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Racism persists in Cuba

March 24th, 2013 | Posted by Alex in Cuban entrepreneurs | Cuban reforms

The private sector in Cuba now enjoys a certain degree of economic liberation, but blacks are not well positioned to take advantage of it. We inherited more than three centuries of slavery during the Spanish colonial era. Racial exclusion continued after Cuba became independent in 1902, and a half century of revolution since 1959 has been unable to overcome it.

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In the New York Times.

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10 Responses

  • May says:

    After reading the commentary written by Roberto Zurbano, I was inspired to learn more about the author. A quick search did not produce a full biography, but it appears he lives in Cuba and is working in an open space within the framework of the Cuban system. This may be a premature assumption, but he is openly critical of the system, travels abroad, and has not been “arrested” or “violently beaten” by Cuban agents. Perhaps the key to productive dissent in Cuba is not asking a foreign HOSTILE government to intervene in the country’s domestic affairs.

    http://www.cmu.edu/cas//events/fall2012/nov-12-2012.html

    Tomás Fernández Robaina, Gloria Rolando, and Roberto Zurbano are three leading members of the new Afro-Cuban cultural and social movement that is currently shaping debates about race, culture, and nation in Cuba. Those debates have intensified in recent times, as Cubans commemorate the centennial of the destruction of the Partido Independiente de Color, a black national party that was created in 1908 and dismantled, in a wave of racist repression, in 1912.

    A writer, literary scholar, and critic, Zurbano (Casa de las Américas) is the Director of Movimiento: La Revista Cubana de Hip Hop, edited by the Agencia Cubana de Rap and devoted to covering and publicizing the hip hop movement in Cuba.

    http://www.cmu.edu/cas//events/fall2012/nov-12-2012.html

    Eastern Connecticut State University will host author, scholar and cultural critic Roberto Zubano to talk on “Hip Hop and Race” on Oct. 23 in selected Performing and Visual Arts classes on campus.
    Zurbano is the editor/publisher of “Casa de las Americas,” a Havana, Cuba-based magazine that publishes the work of writers, artists, musicians, playwrights and scholars of literature and the arts, as well as social sciences of Latin America and the Caribbean.
    Zurbano is a graduate of the University of Havana. He completed advance studies at the Casa de las Américas, Instituto de Literatura y Lingüística de Cuba and the Sorbonne in Paris, France. He has published numerous books including, “Elogio del Lector,” “Ramón Rubiera. Un Astro Ilusorio,” “La Poética de Los Noventa” and “Los estados Nacientes: Literatura Cubana y Postmodernidad.”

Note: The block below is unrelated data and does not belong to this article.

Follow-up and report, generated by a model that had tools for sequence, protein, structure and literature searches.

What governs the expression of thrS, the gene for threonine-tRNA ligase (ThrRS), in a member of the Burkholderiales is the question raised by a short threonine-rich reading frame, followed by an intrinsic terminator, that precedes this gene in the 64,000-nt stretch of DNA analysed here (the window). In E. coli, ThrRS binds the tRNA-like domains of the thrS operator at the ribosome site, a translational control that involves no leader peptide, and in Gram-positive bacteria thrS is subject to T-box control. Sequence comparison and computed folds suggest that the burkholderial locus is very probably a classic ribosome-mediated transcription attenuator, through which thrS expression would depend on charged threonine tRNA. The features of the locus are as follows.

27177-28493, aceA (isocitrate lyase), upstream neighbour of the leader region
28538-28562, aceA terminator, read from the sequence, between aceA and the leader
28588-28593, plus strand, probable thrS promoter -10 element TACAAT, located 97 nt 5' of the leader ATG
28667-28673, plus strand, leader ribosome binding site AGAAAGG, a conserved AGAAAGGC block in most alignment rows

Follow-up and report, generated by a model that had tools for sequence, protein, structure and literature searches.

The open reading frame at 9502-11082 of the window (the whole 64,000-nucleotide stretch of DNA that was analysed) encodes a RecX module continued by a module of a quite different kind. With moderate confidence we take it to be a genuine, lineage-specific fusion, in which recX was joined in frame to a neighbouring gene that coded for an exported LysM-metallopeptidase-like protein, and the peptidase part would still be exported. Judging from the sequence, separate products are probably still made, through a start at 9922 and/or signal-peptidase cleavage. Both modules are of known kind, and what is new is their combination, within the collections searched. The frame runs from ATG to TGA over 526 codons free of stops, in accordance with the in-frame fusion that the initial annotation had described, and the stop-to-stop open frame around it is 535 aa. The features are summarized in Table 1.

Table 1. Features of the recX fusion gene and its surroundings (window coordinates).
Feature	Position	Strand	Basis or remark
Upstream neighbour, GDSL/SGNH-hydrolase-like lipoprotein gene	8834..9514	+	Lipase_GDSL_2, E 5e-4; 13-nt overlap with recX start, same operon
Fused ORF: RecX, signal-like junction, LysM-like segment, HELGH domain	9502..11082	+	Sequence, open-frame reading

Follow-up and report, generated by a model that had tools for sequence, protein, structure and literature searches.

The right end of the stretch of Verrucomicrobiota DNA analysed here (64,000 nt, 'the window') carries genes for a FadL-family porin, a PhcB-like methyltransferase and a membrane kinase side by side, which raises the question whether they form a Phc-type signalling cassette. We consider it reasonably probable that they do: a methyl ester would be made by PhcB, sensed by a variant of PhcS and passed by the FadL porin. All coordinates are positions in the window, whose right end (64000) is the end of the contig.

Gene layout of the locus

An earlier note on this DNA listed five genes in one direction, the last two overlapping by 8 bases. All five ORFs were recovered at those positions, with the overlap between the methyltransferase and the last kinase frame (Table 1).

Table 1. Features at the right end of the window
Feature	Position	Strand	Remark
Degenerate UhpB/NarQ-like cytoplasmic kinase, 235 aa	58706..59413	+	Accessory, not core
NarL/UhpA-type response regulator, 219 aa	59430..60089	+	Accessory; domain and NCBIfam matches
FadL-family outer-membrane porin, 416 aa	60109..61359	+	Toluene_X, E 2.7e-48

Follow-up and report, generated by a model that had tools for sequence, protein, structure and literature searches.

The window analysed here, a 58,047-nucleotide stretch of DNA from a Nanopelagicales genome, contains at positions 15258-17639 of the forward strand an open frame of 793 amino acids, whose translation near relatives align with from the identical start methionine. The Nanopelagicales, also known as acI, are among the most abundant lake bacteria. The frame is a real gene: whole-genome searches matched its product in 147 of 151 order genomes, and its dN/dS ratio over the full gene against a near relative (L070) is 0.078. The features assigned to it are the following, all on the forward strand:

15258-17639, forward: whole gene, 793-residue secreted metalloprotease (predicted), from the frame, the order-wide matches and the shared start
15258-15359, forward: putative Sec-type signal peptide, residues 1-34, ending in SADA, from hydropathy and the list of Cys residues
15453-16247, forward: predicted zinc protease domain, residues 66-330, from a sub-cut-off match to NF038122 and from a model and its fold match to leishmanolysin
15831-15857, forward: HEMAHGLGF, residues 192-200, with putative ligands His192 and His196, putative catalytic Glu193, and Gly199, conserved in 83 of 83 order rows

http://www.huffingtonpost.com/2013/01/07/cuba-targets-racy-reggaet_n_2427724.html
    Cuba’s unique political and economic model may have cut many off from the Internet and other global phenomena, but they haven’t insulated the island from all of the region’s trends, said Roberto Zurbano, a promoter at the government-run cultural institute Casa de las Americas. Reggaeton’s popularity on the island is a product of those influences, he said.
    “Reggaeton is a music that very much reflects the era, an era of marginalization,” Zurbano said. “In general reggaeton is about the poor people of the Caribbean, with its poverty, violence, precariousness, machismo, the avalanche of television, consumerism, the lack of values.”

  • Alex says:

    You’d have to define “productive”, in “productive dissent”. Or continue to use the crutch of US hostility that has been used to justify everything from harebrained economic policy to brutal suppression of dissent.

  • May says:

    It is damaging to Cuban society when you callously overlook decades of well-documented USG aggression. If you are interested in “breaking the status quo”, you are going to have to learn how to discuss the issues without getting testy. If you disagree with comments, counteract with facts and not emotionally driven narrow-mindedness.

    The definition of “productive dissent” is useful political opposition to a government or its policies. You should also take into consideration the “brutal suppression of dissent” in Cuba pales in comparison to the Homeland Security apparatus the USG employs. Perhaps you need to look in your own backyard before you start throwing stones at Cuba.